May 04, 2017 08:02 PM

Banking Regulator Warns of Overseas Lending Risks

(Beijing) — The head of China’s banking regulator warned in a recent closed-door meeting about the mounting risk in banks’ overseas loans.

Guo Shuqing, chairman of the China Banking Regulatory Commission (CBRC), emphasized during the internal government meeting on April 21 that the banking sector must safeguard against foreign-exchange risks, a meeting participant told Caixin.

Guo asked banks to cooperate with the People’s Bank of China, the country’s central bank, and with the State Administration of Foreign Exchange (SAFE), the foreign-exchange regulator, to minimize institutional risks.

Guo said that in recent years, banks have increased loans to developing economies with volatile exchange rates and uncertain economic futures. He said the risk of default is growing for some projects, the source told Caixin.

In 2016, three of China’s four largest banks saw growth in overseas loans exceed that for domestic loans. The Industrial and Commercial Bank of China (ICBC), China Construction Bank, and Bank of China each saw their overseas loans increase by more than 200 billion yuan, expanding 22%, 31% and 11% year-on-year respectively.

Some joint-stock commercial banks also experienced substantial increases in overseas lending. Overseas loans at China Merchant Bank increased 41.4 billion yuan ($6.0 billion), a rise of 72% year-on-year, while those at China Everbright Bank rose 19.8 billion yuan, an increase of 81%. Such loans at China Citic Bank grew by 30 billion yuan, a more-modest but still-significant 22% year-on-year increase.

Bank of China’s chief researcher, Zong Liang, said that total loans at the major banks are in the hundreds of billions or trillions of yuan. Although the growth rate for overseas loans appears sizeable, it is calculated from a much-smaller denominator. “Growth fluctuations are normal, especially with exchange rate volatility,” Zong said.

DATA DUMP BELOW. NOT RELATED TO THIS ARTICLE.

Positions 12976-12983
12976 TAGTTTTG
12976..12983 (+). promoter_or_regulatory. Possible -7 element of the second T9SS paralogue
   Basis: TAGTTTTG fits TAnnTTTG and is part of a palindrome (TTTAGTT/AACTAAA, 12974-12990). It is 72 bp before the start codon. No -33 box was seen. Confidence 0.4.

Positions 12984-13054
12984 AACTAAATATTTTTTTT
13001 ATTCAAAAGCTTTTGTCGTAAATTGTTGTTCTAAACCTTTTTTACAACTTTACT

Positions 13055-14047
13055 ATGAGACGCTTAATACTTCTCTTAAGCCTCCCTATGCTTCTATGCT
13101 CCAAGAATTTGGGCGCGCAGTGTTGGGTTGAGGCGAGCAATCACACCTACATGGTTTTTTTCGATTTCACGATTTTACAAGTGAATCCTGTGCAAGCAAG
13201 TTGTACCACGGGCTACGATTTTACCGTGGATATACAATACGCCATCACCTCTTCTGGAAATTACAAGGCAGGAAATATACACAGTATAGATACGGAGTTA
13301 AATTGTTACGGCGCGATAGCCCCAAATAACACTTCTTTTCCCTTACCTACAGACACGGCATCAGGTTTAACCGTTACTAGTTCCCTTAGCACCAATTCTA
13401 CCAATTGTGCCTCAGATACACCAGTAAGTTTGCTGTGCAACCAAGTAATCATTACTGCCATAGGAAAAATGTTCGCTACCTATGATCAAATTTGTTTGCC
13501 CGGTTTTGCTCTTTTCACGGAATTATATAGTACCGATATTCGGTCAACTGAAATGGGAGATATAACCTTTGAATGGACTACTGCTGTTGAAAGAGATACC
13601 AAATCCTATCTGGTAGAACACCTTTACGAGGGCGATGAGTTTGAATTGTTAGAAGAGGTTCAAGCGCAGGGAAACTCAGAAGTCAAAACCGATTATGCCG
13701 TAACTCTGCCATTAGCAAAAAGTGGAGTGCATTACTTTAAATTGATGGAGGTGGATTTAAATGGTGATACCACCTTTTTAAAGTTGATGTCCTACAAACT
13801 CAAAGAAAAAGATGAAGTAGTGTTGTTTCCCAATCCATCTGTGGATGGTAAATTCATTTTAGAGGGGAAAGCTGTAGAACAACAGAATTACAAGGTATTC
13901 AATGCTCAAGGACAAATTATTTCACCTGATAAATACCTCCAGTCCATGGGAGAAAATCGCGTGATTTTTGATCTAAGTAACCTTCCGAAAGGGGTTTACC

The central government’s “going global” strategy and slowing domestic growth are the main reasons behind the surge in overseas lending, said E Yongjian, chief financial analyst at Bank of Communications. He said that Chinese banks are servicing Chinese-invested firms to expand their businesses abroad, and that more recent initiatives such as the “Belt and Road” development strategy and excess production capacity have also pushed Chinese companies abroad.

As economic growth slows in China, and profits decline, Chinese banks are looking abroad for profitability, E said, adding that the tightening of banking supervision in some foreign countries has also provided Chinese banks the opportunity for expansion.

The banking watchdog unleashed a regulatory frenzy since Guo assumed his post in late February. Despite warnings of loan defaults, the ratio of nonperforming loans from overseas lending is generally lower than for domestic nonperforming loans. In 2016, bad debt from overseas lending for ICBC, China Construction Bank and Agricultural Bank of China was 0.6%, 0.37% and 0.93% respectively. This compares with 1.62%, 1.52% and 2.37% for total bad loans for the three.

Contact reporter Liu Xiao (

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